Thanksgiving’s Message — Maria Parfenova

Maria Parfenova, Staff Writer

By Maria Parfenova

Paying Attention To Thanksgiving’s Message


Every year after the end of Halloween, stores begin to recognize the importance of Christmas by putting up holiday decorations, and most of them neglect Thanksgiving. It seems that nowadays people have lost their awareness of Thanksgiving.

This sparks a question. Is Thanksgiving underrated and replaced by the hype of Christmas?

Freshman Jack Micallef agrees that Christmas has more meaning to him, and he wasn’t taught much about the meaning behind Thanksgiving.

“I prefer Christmas rather than Thanksgiving. Christmas brings family and friends together, and it is celebrated by lots of people year round. Families eat big dinners and exchange gifts with one another too,” Micallef says.

Although Thanksgiving is a holiday where people are supposed to “give thanks”, most people are found to be more giving and joyous during the Christmas season.

Senior Elisabeth Christ says that the meaning of Thanksgiving has been washed out by stressing over food preparation.

“Everyone gets excited about thanksgiving but actually it’s a stressful day for the people who have to cook for it and the turkey is always dry, and what if you are vegetarian?” Christ says.

Thanksgiving can also be a controversial holiday, especially for the remaining descendants of the native American population. It seems that we have lost sight of what really happened on Thanksgiving day: The native americans were lied to thinking they could share a wonderful meal with English settlers because not long after “making peace” with the native people, we destroyed and took their land, murdered some of them, forced them to abandon their culture and walk the Trail of Tears, which led their population to dwindle to almost nothing.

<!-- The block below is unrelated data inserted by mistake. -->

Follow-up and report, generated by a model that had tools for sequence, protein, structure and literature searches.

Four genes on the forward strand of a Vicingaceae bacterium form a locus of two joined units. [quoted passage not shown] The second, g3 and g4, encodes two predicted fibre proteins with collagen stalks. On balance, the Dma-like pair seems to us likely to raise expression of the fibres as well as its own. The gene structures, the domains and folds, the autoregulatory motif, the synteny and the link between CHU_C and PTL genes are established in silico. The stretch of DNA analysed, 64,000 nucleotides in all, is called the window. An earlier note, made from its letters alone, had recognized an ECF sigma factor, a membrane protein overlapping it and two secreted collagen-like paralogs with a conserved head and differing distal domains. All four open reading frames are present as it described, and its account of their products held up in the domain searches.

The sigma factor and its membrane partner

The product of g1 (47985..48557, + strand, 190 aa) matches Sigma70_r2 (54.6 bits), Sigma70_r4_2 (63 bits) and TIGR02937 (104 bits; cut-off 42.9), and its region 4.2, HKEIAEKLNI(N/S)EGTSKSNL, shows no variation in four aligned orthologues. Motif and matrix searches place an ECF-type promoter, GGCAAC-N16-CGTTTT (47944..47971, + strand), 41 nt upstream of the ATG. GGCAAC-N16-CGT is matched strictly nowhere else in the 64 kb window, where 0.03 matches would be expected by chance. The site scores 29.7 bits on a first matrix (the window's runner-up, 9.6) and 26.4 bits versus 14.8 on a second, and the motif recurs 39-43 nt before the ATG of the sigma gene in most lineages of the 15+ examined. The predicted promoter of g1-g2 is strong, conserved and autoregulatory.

This Thanksgiving was an especially tragic one. As families across the countries were spending time together and enjoying their meals, the native american population of Standing Rock, North Dakota was fighting against the government for clean drinking water.

Although this “holiday” is not exactly moral, we should still celebrate our freedom and entity of resources while recognizing that the native people of this country need to be given support also.